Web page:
people development (skills), organization development (eg to increase competitiveness), development of ideas for new products or services; “let’s see what happens”
Artists want: 1. new context in/with which to create art, 2. additional source of income, 3. opportunity to help people make organizations better places to work/influence society
Employees want: 1. ? 2. ? Very little research on their objectives yet….
Research so far (2): Indirectness • Artistic interventions may contribute to (management) objectives of increasing innovation and competitiveness, e.g. by –
– – –
Improving communication in teams, between parts of the organization, or between organization and external stakeholders; Developing creative potential (individually, collectively); Offering new leadership models; Disturbing routines and challenging limiting assumptions about what is possible.
• BUT: indirectly • IF people experience value themselves
socio-economic and natural environment organizational strategy, performance & culture interactions between people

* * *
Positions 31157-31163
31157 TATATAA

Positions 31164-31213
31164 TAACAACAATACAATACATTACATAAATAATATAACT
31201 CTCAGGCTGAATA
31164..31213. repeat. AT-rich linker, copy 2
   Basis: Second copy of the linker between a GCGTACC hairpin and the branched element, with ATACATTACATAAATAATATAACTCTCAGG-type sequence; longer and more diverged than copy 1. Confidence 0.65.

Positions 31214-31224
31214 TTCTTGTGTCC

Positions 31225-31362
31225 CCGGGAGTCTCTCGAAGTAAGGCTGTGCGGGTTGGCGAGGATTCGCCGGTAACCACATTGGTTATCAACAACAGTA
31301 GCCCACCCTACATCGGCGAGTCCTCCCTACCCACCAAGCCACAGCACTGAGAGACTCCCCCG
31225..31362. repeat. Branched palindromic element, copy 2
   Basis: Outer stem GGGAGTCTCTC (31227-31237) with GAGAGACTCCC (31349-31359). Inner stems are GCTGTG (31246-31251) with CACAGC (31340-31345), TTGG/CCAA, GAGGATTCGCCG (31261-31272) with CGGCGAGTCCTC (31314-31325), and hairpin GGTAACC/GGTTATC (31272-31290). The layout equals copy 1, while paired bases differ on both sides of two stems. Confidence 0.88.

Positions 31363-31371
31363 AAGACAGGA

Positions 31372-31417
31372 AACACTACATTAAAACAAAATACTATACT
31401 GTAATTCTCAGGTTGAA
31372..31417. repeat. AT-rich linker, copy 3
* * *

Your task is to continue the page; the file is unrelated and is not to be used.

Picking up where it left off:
individuals at work
socio-economic and natural environment organizational strategy, performance & culture • self-esteem
interactions between • discover/develop skills people
individuals at work
• fun to learn
• meaning of own work • energy
Research so far (3): Engaging • In every intervention there are differences and overlaps between the objectives and the effects that the diverse stakeholders value —what makes artistic interventions different is that they depend on people really engaging!
• People are more likely to want to engage in an artistic intervention – (a) if they feel there is value & meaning for them in it – (b) if they feel safe.
Research so far (4): Artists • Artists in interventions: Enter a “foreign world” to …. – – – –